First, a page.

Engine options range from the twin Cat C12 715 horsepower diesels with electronic controls and quick shift gearboxes to the 825 horsepower MTUs through to the large 1085 horsepower Cat C18s.
The enclosed flybridge cruiser features Riviera's new internal staircase which has been built into the aft starboard quarter of the saloon. With teak in-laid stairs and moulded GRP liner, the staircase is both easy to climb and surprisingly unobtrusive when viewed from the saloon. Guests exit just aft of the main helm station and can move forward or aft without having to negotiate passengers on the bridge.
The staircase is fitted with a closing cover that hinges over the staircase. This serves as both a safety feature and as a means to isolate the flybridge from the saloon should the party upstairs become obtrusive to those below. The first thing that strikes you about the flybridge is its size. The second is the view, something more akin to a roof-top terrace with uninterrupted views through 360 degrees.
Beautifully moulded in GRP, the main helm station is set forward with twin helm seats set before a wrap-around moulded dash brought to life by three separate Raymarine E120 displays giving depth, radar and chart displays. These are supplemented by a Clarion system with camera showing the bow, stern, cockpit saloon and engine room.
The Raymarine ST6000 hydraulic autopilot, depth sounder and optional wind gear instruments are mounted in a cluster to starboard of the helm station with radio gear to port. Two large MTU engine-management computer readouts giving speed and fuel consumption figures are mounted in a moulded fascia directly above the helm.
Falling perfectly to hand is the twin-disk electronic engine controls which feature MTU's Quickshift with express mode for fast close-quarters manoeuvring. Detail is evident everywhere you look, right down to the reverse-cycle air conditioning vents set into the helm station and windscreen to keep the view forward crystal clear.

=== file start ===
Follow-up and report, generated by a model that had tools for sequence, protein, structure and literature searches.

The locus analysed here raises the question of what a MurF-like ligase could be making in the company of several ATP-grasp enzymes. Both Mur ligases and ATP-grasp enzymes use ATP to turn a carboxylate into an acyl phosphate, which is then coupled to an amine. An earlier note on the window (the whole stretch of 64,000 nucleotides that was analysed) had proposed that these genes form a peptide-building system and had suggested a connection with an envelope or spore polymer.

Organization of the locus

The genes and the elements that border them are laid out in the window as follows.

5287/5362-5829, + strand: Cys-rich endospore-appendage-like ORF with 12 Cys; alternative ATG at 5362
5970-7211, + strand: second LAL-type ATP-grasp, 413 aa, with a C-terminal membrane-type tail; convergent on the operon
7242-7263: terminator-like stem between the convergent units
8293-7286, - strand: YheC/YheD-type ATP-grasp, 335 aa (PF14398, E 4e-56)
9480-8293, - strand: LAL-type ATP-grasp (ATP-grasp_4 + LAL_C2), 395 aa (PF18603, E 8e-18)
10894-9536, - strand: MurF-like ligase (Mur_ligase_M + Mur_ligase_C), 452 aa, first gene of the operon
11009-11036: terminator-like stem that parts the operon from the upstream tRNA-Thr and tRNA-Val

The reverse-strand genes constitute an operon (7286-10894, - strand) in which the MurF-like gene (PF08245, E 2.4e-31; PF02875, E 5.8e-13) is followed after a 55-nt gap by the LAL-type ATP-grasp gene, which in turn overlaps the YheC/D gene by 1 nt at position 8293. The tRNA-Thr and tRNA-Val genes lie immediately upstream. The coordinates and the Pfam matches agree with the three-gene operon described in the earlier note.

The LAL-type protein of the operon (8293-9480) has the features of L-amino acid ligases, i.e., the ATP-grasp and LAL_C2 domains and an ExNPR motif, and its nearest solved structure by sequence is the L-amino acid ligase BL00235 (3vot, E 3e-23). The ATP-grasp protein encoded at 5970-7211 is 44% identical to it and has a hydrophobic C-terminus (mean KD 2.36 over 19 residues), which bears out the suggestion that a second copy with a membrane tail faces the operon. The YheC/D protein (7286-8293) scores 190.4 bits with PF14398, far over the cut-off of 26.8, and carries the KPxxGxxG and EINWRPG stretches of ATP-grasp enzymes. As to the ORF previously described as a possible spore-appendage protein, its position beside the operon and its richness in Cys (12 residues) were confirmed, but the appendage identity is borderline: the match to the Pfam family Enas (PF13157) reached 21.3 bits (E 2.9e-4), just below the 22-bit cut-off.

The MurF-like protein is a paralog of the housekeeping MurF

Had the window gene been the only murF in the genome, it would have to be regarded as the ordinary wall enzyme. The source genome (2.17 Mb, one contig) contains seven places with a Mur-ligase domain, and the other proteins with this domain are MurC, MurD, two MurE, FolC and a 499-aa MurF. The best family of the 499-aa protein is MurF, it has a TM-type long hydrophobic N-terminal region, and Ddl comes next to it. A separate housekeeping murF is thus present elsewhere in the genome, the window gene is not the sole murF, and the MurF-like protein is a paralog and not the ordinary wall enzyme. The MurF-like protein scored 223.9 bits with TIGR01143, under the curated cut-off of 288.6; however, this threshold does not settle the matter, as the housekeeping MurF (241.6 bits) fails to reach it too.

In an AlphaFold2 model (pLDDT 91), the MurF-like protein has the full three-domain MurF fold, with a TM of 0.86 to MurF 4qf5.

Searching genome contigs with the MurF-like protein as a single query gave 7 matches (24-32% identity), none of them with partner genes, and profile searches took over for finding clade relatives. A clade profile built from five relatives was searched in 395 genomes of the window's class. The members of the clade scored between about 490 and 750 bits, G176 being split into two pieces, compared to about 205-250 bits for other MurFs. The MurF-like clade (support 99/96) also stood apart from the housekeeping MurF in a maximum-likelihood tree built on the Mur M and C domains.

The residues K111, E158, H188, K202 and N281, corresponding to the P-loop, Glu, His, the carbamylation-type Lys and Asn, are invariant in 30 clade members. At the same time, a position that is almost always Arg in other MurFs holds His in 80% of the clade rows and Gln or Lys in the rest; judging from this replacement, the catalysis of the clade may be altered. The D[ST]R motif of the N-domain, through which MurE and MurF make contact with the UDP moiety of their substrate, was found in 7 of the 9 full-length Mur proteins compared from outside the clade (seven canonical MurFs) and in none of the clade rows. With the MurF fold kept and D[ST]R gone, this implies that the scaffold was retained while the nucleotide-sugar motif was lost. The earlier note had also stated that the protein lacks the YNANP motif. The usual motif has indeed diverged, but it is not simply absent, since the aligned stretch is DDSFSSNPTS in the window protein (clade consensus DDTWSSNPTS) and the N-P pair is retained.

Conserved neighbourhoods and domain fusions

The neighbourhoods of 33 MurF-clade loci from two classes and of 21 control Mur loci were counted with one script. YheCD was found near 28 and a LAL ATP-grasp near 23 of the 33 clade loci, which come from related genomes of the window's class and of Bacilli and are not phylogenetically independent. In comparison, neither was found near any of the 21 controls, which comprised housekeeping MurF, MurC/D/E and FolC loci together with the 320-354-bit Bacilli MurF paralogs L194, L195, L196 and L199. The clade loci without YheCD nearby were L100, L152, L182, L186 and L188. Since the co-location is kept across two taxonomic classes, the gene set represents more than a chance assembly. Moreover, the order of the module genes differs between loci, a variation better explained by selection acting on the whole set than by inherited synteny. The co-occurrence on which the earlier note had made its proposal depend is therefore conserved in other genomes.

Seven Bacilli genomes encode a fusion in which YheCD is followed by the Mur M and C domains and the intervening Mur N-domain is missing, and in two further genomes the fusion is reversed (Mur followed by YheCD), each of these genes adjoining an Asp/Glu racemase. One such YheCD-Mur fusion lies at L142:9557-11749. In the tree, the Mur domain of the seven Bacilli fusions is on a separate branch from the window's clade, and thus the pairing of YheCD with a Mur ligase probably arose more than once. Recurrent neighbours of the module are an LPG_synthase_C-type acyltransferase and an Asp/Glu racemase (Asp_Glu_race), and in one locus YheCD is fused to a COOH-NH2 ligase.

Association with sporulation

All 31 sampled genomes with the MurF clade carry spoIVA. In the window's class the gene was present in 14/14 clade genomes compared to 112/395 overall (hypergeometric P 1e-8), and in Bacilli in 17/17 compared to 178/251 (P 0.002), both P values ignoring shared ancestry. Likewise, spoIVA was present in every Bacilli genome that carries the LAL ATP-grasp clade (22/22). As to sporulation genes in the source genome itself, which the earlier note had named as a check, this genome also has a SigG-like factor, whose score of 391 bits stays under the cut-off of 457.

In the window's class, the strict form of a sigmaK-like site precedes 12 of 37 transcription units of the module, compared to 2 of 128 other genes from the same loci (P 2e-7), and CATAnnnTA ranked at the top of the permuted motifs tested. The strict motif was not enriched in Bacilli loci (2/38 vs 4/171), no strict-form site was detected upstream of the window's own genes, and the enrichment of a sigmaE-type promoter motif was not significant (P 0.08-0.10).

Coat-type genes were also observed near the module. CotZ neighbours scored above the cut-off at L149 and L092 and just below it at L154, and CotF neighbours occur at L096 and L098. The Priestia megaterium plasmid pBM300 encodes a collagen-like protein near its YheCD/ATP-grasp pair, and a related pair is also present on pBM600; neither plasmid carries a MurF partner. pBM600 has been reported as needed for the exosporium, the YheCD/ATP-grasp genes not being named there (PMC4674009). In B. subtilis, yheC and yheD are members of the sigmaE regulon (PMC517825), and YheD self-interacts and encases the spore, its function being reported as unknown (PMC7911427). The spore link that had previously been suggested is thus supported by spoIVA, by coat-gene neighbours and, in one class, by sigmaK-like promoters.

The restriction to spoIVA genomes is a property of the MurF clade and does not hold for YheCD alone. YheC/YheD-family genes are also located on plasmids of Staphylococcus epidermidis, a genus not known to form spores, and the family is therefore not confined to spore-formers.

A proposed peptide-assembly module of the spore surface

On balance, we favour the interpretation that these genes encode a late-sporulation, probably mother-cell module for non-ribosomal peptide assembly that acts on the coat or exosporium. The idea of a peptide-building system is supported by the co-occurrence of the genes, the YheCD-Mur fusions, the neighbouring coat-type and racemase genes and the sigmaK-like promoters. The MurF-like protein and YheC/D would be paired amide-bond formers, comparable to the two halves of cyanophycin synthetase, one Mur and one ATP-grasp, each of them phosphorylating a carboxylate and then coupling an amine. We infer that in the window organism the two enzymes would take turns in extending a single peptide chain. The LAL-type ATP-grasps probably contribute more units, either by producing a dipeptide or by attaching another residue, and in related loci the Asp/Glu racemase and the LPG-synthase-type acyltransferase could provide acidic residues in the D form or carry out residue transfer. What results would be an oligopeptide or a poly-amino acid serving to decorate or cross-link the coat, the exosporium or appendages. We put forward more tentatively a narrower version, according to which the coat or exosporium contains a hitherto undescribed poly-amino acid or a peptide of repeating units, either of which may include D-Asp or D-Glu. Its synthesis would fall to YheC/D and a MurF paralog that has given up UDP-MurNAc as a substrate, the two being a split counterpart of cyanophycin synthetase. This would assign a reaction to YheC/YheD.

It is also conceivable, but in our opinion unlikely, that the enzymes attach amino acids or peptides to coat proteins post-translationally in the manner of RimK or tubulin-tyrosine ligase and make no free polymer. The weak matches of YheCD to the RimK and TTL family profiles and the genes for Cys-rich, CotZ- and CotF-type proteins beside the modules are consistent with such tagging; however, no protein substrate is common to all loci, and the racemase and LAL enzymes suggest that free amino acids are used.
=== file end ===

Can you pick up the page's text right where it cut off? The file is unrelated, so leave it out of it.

And what a view with three large safety glass windows, each fitted with their own wide-sweep wiper should they be required. Aft and to starboard of the helm is the first of several wet bars. It features a sink with a fridge or optional ice maker and a set of drawers for charts and cruising guides. An L-shaped lounge is set opposite to port providing seating for a further four guests.
Overhead, twin opening deck hatches are mounted into the flybridge roof and are separated by a full length recessed stainless steel hand rail. Further handrails are placed strategically where you would expect to find them. I counted no fewer than four stereo speakers set into the roof and flybridge sides. An aft flybridge docking station with excellent views over the cockpit and transom should making reverse-docking a breeze.
Downstairs, life definitely gets better at 51. The first noticeable change when entering the saloon is the new outward-swinging saloon door. This not only widens the companionway but improves access to and from the cockpit. It also gives easy access to the switch panels installed in twin cupboards aft. With cherrywood cabinetry throughout, the starboard saloon is home to a large wetbar with fridge and cupboards for glasses and bottles.
Large tear-shape windows provide excellent views and light when the high-gloss timber-slat blinds are drawn. Opposite to port is a large six-seater L-shaped lounge that converts into a double berth if required. A free-standing in-laid cheerywood coffee table and scatter cushions lend to the feeling of home.
The galley is set to port on the mezzanine level, two steps down from the main saloon. The counter top height is such that those on galley duty can still chat with guests without feeling left out. Riviera has replaced the original Granicoat countertop with Corion and have incorporated a fiddle rail to keep things in place.
With a stainless steel sink, Grohe tap ware, dish-draw, microwave, three-burner electric hob and mid-size fridge and freezer, gourmet cooking is a breeze. Clever touches include an intercom to the bridge and engine room, fresh water gauges, extractor fan, top-loading garbage bin and a huge under floor pantry with enough storage to keep the boat running for months.
Opposite the galley is a small dinette with cherrywood table that will cater for four quests with the option to seat two more on occasional chairs. The view from here is excellent whether dining or just kicking back. The entertainment system is set against the windscreen and includes a Bose stereo, flat screen television and DVD player.